ArtsHub | Review | Greg Jericho’s ‘The Rise of the Fifth Estate’

Politics and Twitter are a perfect match. Politics had always been a spectator sport, but Twitter came along and covered it in real time, blow-by-blow, in all its ugliness. It was always fascinating; with Twitter, it suddenly became nail-biting.

Greg Jericho’s book, The Rise of the Fifth Estate: Social Media and Blogging in Australian Politics looks at how Twitter, blogging and other forms of social media have become a new ‘fifth estate’, infiltrating and altering the recent discussion of Australian politics. Given how quickly this online world is changing – in 2004, the Sydney Morning Herald felt the need in an article to explain what a ‘blog’ was – it’s an important book. It’s well-researched and clearly told. Jericho gives us the benefits and pitfalls of social media’s relationship to journalism and politics – how it is used, and how it should be used. In the mean time, he more than sticks in the boot to the ‘MSM’ (mainstream media), while arguing that bloggers are not merely amateurs or ‘armchair journalists’ but a dedicated bunch of hobbyists whose work has value.

Jericho’s personal story is central to the book. In 2010, when he was getting about 500 hits a day blogging under the name Grog’s Gamut, The Australian newspaper ‘outed’ him, revealing his name and job and calling into question his decision to write about politics while working as an Australian Public Servant. Here, he puts his case forward: that The Australian got it wrong in unmasking him because his writing was done out of office hours and was not related to his department’s work. In the fall-out, some journalists said his identity was important; it was about ‘accountability’. Others said it was irrelevant; that his privacy was his right, even if his words were influencing public debate, and that his blog didn’t constitute a contravention of the APS’ Code of Conduct. On the evidence provided here by Jericho, it’s hard to figure out what all the fuss was about.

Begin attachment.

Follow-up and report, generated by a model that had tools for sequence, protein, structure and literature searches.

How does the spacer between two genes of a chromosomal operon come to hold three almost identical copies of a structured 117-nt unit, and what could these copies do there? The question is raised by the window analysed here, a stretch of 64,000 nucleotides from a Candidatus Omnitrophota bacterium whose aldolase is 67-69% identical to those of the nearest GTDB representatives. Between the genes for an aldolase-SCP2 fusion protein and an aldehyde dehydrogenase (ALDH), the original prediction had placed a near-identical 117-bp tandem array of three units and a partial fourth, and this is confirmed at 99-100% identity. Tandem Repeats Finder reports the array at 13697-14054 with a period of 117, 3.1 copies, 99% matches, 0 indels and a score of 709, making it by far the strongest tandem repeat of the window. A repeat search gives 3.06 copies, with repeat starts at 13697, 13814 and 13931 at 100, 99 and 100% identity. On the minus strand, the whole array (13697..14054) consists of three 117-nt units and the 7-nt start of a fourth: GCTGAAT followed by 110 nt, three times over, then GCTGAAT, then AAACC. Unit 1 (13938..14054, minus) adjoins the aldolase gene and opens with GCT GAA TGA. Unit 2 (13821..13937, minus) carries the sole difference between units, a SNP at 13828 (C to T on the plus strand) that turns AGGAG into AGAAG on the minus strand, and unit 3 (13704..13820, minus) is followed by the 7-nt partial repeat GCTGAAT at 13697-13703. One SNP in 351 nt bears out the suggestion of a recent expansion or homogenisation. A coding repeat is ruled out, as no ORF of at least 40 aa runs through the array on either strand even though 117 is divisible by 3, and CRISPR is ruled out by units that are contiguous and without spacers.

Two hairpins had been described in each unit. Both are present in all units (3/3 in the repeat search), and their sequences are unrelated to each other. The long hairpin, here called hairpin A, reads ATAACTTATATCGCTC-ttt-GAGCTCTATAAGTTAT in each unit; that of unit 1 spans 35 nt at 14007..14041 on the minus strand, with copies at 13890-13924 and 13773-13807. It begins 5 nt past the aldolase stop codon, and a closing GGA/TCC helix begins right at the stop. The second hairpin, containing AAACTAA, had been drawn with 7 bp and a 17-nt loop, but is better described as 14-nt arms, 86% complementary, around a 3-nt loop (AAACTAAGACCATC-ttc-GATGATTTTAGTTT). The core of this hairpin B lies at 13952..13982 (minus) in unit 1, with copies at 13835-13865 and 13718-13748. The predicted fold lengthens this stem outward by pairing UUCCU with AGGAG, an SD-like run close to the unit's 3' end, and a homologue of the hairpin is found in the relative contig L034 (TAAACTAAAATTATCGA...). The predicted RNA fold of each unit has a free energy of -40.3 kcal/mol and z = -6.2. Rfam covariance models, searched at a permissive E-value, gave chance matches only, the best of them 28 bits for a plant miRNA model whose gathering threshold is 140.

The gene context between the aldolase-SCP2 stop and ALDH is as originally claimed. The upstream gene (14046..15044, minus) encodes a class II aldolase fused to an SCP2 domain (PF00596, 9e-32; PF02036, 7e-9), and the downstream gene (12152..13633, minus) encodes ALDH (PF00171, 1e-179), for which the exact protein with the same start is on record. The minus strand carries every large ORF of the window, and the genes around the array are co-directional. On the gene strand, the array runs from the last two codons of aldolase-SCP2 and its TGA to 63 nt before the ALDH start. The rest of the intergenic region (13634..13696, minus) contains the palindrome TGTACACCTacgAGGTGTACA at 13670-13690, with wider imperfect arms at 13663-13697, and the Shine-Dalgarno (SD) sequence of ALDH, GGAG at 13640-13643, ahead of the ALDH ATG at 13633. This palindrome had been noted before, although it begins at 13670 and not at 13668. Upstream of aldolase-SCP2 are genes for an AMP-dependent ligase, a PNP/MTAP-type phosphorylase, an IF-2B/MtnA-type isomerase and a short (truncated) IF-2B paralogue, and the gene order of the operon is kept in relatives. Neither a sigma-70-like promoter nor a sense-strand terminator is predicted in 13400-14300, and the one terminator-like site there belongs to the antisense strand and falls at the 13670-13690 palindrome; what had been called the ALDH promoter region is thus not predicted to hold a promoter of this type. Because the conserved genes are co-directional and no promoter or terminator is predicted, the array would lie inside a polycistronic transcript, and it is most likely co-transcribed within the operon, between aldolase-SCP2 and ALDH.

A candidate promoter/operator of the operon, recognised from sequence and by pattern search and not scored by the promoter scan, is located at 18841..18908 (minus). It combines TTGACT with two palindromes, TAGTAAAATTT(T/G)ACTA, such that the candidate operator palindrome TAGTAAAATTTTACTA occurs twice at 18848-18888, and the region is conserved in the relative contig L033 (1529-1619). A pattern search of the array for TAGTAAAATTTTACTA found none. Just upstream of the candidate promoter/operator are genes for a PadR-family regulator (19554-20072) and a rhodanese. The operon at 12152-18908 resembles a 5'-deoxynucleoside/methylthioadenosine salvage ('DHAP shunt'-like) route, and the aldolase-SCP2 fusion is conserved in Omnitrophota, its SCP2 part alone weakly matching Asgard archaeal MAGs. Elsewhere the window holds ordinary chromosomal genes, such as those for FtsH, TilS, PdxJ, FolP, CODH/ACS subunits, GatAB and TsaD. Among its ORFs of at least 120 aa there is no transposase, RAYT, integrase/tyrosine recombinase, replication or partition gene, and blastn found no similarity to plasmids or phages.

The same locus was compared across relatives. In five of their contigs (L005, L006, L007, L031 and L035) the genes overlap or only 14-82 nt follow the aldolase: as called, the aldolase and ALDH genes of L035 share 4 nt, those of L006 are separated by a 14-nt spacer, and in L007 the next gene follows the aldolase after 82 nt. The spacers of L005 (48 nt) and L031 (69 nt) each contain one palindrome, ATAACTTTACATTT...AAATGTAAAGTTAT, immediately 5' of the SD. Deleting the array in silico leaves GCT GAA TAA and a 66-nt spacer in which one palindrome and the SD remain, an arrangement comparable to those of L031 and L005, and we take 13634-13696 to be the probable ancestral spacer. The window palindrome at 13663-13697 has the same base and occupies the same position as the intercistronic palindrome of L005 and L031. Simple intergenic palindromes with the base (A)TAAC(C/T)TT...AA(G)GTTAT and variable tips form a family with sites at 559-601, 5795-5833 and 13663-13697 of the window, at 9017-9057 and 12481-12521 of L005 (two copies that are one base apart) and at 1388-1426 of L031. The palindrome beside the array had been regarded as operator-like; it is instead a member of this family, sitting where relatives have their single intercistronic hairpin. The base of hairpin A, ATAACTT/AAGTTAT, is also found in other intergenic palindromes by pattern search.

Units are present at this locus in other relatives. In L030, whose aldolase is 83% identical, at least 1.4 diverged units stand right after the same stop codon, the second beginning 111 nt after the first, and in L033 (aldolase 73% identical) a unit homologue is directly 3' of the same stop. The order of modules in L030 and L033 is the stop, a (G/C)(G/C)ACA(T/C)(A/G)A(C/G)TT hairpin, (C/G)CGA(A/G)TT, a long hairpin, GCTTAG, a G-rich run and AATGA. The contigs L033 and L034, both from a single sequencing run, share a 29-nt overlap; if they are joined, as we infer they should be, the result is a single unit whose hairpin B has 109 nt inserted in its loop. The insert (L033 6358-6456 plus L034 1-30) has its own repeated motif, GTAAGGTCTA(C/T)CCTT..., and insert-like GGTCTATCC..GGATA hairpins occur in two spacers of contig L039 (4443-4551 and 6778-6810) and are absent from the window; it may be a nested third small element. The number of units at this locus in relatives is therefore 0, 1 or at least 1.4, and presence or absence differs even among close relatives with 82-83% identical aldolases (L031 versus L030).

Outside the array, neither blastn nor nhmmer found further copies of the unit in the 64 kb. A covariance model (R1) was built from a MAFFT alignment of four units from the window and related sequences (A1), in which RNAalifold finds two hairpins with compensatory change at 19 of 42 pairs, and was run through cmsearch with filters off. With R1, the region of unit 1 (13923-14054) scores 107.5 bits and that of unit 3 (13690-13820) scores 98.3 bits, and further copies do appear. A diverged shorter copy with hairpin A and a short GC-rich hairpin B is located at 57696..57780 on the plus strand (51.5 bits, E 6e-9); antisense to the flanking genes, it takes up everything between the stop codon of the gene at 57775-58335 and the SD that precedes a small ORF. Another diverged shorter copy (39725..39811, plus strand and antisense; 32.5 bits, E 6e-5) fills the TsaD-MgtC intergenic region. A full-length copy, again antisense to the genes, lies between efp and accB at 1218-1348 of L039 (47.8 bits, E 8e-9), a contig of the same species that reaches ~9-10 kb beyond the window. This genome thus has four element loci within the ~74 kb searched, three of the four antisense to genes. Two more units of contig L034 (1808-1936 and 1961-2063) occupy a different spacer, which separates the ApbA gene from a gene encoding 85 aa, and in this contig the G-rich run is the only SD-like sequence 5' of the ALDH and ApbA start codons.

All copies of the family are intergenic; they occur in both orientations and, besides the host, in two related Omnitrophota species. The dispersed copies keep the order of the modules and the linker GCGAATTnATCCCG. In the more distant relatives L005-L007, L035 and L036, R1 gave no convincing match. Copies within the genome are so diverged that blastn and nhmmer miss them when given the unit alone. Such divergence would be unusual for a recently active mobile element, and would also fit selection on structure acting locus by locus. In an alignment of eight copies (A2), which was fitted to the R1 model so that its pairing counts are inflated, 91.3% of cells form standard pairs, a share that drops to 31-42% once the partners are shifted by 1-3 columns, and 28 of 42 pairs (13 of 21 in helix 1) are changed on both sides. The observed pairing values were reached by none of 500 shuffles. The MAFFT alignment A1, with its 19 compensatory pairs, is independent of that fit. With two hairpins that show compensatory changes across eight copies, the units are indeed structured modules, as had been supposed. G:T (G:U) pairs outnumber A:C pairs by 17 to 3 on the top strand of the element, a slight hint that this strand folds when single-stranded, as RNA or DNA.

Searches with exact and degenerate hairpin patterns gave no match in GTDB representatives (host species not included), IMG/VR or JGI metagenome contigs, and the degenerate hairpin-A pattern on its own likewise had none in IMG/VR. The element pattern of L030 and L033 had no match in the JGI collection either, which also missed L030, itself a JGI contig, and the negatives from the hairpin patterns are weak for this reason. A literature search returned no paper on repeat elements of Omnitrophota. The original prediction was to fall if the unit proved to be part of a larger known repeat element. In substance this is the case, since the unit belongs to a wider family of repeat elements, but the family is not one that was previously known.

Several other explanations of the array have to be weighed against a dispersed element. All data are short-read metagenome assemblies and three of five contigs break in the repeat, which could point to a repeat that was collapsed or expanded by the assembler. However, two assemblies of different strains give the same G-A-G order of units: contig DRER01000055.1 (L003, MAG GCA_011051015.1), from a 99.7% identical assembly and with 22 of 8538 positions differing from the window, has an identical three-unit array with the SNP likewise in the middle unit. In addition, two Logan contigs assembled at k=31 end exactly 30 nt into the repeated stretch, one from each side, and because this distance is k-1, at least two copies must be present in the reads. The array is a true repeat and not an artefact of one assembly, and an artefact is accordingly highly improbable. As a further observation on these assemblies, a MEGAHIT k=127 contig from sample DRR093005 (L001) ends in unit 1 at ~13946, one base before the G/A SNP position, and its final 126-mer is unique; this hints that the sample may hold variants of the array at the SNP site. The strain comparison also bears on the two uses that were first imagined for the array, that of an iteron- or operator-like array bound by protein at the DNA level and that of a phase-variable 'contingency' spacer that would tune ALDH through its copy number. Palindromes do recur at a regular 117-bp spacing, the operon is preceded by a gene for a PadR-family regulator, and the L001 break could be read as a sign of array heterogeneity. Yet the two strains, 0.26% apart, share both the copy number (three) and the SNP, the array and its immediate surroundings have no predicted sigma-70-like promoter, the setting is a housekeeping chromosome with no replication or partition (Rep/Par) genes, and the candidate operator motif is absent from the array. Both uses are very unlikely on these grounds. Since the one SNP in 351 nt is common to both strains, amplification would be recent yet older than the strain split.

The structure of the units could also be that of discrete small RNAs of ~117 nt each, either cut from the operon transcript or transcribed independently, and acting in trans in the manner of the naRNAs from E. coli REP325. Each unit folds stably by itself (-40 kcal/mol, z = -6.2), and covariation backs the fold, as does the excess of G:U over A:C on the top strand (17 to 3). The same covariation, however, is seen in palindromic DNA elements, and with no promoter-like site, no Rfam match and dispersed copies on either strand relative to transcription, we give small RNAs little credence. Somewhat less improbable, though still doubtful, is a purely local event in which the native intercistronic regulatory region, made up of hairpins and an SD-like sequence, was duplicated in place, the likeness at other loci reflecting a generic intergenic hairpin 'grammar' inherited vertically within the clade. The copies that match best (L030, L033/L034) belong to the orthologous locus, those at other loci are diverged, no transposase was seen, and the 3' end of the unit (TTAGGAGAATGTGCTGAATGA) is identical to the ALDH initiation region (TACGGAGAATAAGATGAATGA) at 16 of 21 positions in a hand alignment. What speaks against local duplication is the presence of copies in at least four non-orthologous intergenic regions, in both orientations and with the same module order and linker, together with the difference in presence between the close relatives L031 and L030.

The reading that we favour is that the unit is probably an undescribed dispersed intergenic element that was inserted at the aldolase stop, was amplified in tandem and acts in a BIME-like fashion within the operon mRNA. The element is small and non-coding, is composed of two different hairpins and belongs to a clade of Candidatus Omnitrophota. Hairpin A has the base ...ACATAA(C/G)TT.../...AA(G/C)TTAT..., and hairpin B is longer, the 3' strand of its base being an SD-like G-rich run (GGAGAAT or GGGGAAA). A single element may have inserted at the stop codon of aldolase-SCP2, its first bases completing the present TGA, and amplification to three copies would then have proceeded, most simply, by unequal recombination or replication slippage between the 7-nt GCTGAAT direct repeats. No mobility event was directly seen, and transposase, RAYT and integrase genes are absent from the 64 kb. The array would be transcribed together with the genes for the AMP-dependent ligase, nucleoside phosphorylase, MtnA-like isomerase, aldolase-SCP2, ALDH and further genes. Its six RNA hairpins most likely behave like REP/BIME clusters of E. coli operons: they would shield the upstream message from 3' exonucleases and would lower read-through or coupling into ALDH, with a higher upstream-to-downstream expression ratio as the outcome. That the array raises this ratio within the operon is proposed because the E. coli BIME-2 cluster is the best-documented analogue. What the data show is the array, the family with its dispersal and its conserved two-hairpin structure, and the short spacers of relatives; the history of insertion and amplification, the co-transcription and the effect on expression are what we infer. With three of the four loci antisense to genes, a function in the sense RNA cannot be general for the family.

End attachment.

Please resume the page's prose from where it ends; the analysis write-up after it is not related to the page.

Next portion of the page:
The best chapters give a fresh angle to the old debate between bloggers and the mainstream media. Jericho is not a journalist, and has no desire to be one. He is not trying to break news. But that doesn’t mean his contribution – and that of many other unpaid bloggers – is unworthy. Jericho argues that while political bloggers might not have the necessary access to break stories, they might have other kinds of skills – they might be economists, for example, like Australian bloggers Joshua Gans or John Quiggin – and therefore be able to analyse developments to a deeper degree than most journalists. Provided they can communicate that to the average reader, they most certainly have a place in the media landscape. The US economist Paul Krugman is not a journalist, either, but through his blog on The New York Times he’s able to cut through political spin and debunk shoddy theories to give readers a clearer idea of what’s true and what isn’t. Isn’t that what a journalist should do?

Jericho does falter at points. He throws in a few comments that seem unnecessary – sometimes even bitter – and only lessen the intellectual rigour of his argument. On the first page, he references the mainstream media’s off-the-record access to high-level sources, ‘because we can safely assume that not all of those unnamed government sources are made up’. Is he suggesting some of them are? That’s a pretty wild claim to make, particularly given it’s basically impossible to back up with evidence. In criticising The Australian’s Christian Kerr, too, for not being thorough enough in his research, Jericho adds that ‘perhaps citing sources is below the status of a journalist’. Jericho makes a lot of valid and spot-on criticisms about the mainstream media and its reporting of politics – particularly during the 2010 election campaign – but comments like this don’t do much for his cause.

These are minor glitches in an otherwise solid book. It’s a strong starting point in a debate we need to have. You need only look at the benefits: the sooner the fifth and fourth estates stop bickering and learn how to complement each other, the sooner we’ll have a stronger, more varied discussion of Australian politics.